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Posted on Sep 1, 2011

Defining Your Ask

Defining Your Ask

The more you ask, the less you get.

This is a basic tenet in fund-raising, so we need to understand what constitutes an “ask”. In the mind of the asker, it may be only direct requests for a gift for the school, but in the mind of the person being asked, it may include many other things. If your parents think, “The school is always asking me for money’,” then probably too many things are coming across as an “ask”. 

Example:  If parents receive monthly requests for money for a field trip, lunch program, products or whatever, then parents will feel they are always being asked for money. If they are feeling that way when you run your important annual drive or some other significant fund-raising event, then you can be sure that you will receive a smaller gift than you would if your school eliminated the frequent requests for small amounts. The best practice is to include all additional fees and expenses in one fee that is added on to the tuition.
 
Example: Are all your sales called fund-raisers? If so, change the language. If you are selling a product (and there should be very little of this in your school), then call it a sale with the profits going towards something. It only becomes a fund-raiser when students or parents are expected to buy the product. (I still have wrapping paper that my son was selling in high school.) Otherwise it is a consumer purchase and the consumer can decide to purchase from you or from some other business that sells the product. “We understand that you can buy pie anywhere, but we’re sure you’ll enjoy our pies, and at the same time you’ll know that the profits will purchase books for the library.”
 
Example: Do your students provide any sweat equity to earn money for a special trip? Then call it sweat equity. “Would you like your car washed or your leaves raked? The charge will be $– and the money will go towards the expenses of the mission trip.” Don’t ask for a donation for services rendered because that becomes another “ask”.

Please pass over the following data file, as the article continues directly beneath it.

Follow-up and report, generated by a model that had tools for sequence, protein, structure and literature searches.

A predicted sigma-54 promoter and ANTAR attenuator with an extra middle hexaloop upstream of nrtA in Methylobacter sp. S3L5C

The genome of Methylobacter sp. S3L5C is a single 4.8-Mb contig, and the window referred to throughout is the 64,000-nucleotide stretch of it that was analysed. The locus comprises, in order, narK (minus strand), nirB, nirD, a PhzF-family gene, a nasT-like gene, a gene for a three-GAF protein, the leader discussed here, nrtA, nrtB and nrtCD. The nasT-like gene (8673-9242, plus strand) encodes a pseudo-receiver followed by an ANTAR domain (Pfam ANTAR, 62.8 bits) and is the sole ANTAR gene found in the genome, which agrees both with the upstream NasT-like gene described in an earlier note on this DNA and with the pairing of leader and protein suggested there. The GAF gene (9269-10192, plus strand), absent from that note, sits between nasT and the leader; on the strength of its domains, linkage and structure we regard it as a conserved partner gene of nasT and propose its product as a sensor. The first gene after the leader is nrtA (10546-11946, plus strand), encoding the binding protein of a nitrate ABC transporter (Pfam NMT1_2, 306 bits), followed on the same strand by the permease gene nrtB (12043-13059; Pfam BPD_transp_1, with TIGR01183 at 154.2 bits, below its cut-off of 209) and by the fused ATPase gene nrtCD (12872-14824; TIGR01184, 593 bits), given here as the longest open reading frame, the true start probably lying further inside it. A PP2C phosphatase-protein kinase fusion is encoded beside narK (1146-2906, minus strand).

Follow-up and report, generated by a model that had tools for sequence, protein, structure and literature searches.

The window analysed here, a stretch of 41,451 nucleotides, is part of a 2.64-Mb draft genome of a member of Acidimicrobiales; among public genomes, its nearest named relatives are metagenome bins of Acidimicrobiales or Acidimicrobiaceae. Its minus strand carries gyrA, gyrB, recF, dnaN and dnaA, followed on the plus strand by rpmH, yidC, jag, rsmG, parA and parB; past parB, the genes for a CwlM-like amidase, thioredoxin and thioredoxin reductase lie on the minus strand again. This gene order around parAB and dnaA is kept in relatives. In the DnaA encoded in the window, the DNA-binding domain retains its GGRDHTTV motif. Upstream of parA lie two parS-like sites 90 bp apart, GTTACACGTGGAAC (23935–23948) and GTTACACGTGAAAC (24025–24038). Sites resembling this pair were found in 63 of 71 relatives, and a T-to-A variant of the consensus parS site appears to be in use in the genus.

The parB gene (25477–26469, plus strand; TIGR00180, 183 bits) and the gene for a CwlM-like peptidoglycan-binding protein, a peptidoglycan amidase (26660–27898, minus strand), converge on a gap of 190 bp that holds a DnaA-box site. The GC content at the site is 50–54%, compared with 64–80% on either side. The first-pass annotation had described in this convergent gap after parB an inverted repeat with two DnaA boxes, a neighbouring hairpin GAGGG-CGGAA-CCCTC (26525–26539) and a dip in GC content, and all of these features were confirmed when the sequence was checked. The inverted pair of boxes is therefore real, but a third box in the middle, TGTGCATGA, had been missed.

Example: Do you sell grocery certificates to your community? Remind people that it is the store that is giving the gift, not the person purchasing the certificate. They are only exchanging one form of currency for another. Thank them for doing so! But don’t give the impression that the person is making a gift to the school.

Best Practice:

Limit your major fund-raisers to one, two or three significant activities and “asks” each year for which you give charitable receipts. Eliminate all other fund-raisers. Change the language on other activities to reflect what is actually happening. Yes, people’s choices will provide additional funding for projects or materials, but those choices are not gifts.

Finally, inform your parents at the beginning of each year what they can expect over the course of the year in terms of “asks” to support the school. Clearly delineate between charitable support and support through purchases and payments. And then stick with it! Resist the numerous requests from students, teachers and parents for yet another fund-raiser. I’m sure you’ll see that less asking will result in more giving.

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